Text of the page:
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Student-Led IEP Meetings

Instructor: Lori Sturdivant

Lori has a specialist's degree in Instructional Leadership/Mild Moderate and currently serves as the Lead Teacher for The University of Southern Mississippi's Autism Project.

In this lesson, you'll learn how students can lead their Individualized Education Program meetings. This involves required annual meetings, review/revision meetings, re-evaluations, and initial placement meetings.

Student-Led Individualized Education Programs

When students lead their Individualized Education Program (IEP) meetings, they're not only demonstrating self-advocacy, but also showcasing many academic and functional life skills. This includes speaking to an audience, active listening, collecting information, organizing materials, setting goals, and receiving constructive criticism. Legislation states that students should participate in their meetings 'whenever it is appropriate.' And while it's not always appropriate to have students lead their own IEP meetings, there are ways to include most students despite their disabilities.

Student-Led with Minimal Support

In this type of meeting, the teacher should serve as an advisor.

The student may actively lead by preparing for the IEP meeting in the following ways:

  • Invite committee members to the meeting.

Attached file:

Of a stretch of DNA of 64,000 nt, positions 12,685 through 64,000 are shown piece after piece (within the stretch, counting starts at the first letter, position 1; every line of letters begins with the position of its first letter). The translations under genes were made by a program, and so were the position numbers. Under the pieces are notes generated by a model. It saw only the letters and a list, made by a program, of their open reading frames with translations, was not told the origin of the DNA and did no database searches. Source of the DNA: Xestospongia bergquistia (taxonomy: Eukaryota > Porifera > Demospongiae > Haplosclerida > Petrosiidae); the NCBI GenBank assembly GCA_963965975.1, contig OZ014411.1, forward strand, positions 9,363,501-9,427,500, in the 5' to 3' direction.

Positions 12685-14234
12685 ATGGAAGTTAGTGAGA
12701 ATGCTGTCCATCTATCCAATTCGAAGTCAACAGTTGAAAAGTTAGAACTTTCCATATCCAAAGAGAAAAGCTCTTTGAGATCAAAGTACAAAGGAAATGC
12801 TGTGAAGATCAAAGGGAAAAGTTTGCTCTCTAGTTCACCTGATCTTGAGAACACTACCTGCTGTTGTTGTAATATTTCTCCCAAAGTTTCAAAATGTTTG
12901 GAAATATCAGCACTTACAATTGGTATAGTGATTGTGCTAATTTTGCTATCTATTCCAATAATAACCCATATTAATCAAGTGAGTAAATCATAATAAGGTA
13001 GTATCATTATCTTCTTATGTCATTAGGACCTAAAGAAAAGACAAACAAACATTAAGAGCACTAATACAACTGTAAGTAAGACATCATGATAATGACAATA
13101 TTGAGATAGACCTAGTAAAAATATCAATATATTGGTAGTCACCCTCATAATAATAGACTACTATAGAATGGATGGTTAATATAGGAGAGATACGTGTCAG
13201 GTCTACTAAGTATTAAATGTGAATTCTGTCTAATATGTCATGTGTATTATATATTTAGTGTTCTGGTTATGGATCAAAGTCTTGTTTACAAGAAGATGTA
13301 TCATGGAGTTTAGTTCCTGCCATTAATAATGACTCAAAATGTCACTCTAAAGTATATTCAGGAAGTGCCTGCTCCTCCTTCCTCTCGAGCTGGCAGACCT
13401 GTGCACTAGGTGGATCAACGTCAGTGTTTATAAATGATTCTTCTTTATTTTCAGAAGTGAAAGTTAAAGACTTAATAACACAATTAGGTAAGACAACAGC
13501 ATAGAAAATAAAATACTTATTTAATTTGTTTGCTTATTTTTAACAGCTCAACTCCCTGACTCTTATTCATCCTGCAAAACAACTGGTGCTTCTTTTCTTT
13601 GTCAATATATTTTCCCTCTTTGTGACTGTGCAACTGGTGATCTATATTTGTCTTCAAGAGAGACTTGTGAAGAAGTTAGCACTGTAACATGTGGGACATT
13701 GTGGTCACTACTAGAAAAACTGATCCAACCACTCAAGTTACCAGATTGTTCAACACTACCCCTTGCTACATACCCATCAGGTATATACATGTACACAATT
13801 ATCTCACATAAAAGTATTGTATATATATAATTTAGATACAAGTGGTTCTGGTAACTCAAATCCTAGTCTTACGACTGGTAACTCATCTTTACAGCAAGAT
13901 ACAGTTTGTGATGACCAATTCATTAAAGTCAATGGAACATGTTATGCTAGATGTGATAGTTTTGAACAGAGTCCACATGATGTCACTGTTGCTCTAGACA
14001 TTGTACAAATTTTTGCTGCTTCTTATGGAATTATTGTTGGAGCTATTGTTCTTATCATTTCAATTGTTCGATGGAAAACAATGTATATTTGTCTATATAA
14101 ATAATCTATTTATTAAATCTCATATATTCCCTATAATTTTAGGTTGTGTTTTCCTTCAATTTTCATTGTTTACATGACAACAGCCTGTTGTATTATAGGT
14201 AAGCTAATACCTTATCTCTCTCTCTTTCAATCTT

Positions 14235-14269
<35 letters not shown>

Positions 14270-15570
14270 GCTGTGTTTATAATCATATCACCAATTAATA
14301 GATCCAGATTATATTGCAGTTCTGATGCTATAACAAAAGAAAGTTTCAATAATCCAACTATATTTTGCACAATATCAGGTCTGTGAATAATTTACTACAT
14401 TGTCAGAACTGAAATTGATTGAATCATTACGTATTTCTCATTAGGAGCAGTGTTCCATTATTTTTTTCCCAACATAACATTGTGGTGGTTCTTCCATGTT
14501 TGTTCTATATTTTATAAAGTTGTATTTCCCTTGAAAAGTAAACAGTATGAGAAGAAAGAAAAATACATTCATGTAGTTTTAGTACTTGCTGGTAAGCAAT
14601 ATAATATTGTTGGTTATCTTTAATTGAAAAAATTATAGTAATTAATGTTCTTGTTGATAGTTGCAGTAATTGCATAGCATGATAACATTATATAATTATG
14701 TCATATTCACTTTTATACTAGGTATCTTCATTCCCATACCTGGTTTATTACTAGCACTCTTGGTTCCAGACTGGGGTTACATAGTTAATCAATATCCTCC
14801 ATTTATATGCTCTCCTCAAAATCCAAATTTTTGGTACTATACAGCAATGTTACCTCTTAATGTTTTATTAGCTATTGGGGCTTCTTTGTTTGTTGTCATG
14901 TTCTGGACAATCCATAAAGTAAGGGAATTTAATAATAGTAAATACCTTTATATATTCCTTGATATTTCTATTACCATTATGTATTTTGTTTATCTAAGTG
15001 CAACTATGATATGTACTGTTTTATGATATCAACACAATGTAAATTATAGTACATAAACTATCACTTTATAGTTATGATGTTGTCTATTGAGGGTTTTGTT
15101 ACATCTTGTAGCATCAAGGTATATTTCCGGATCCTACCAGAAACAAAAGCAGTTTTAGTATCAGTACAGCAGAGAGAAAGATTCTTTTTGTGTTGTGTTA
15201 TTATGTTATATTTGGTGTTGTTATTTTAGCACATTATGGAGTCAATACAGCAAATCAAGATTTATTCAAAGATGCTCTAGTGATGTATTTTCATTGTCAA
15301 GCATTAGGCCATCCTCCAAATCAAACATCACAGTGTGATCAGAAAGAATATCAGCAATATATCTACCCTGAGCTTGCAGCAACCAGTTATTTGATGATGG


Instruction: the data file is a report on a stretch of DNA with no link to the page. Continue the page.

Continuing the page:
• Determine meeting date, time, and place.
  • Analyze teacher collected data to determine if progress on previous goals and objectives have been met.
  • Determine their own academic strengths and weaknesses.
  • Identify goals and objectives to work towards.
  • Select accommodations or modifications needed to be successful.
  • Choose classes for the school year.
  • Determine their least restrictive environment.

The student can actively lead by facilitating the meeting in the following ways:

  • Introduce the committee members.
  • Create a PowerPoint or Prezi presentation.
  • Distribute all paperwork to committee members in the meeting.
  • Read each section to the team and ask for questions, comments, or concerns.
  • Take notes from the team for revisions, if needed.
  • Send committee members the final draft.

Student-Led with Moderate Support

In this type of meeting, the teacher should serve as a partner, collaborating with the student.

The student may not have the skills to write goals and read the IEP, but they can lead by telling the teacher what they want and why. The teacher will use this information and create the IEP by the student's guidelines.

The student can facilitate the meeting with teacher support. The teacher can prompt the student throughout the meeting. For example, you might ask, 'Johnny, could you please introduce everyone?' or 'Johnny, why did you choose art as an elective?'

The student may be able to do some of the other tasks mentioned above, like distribute all paperwork to committee members.

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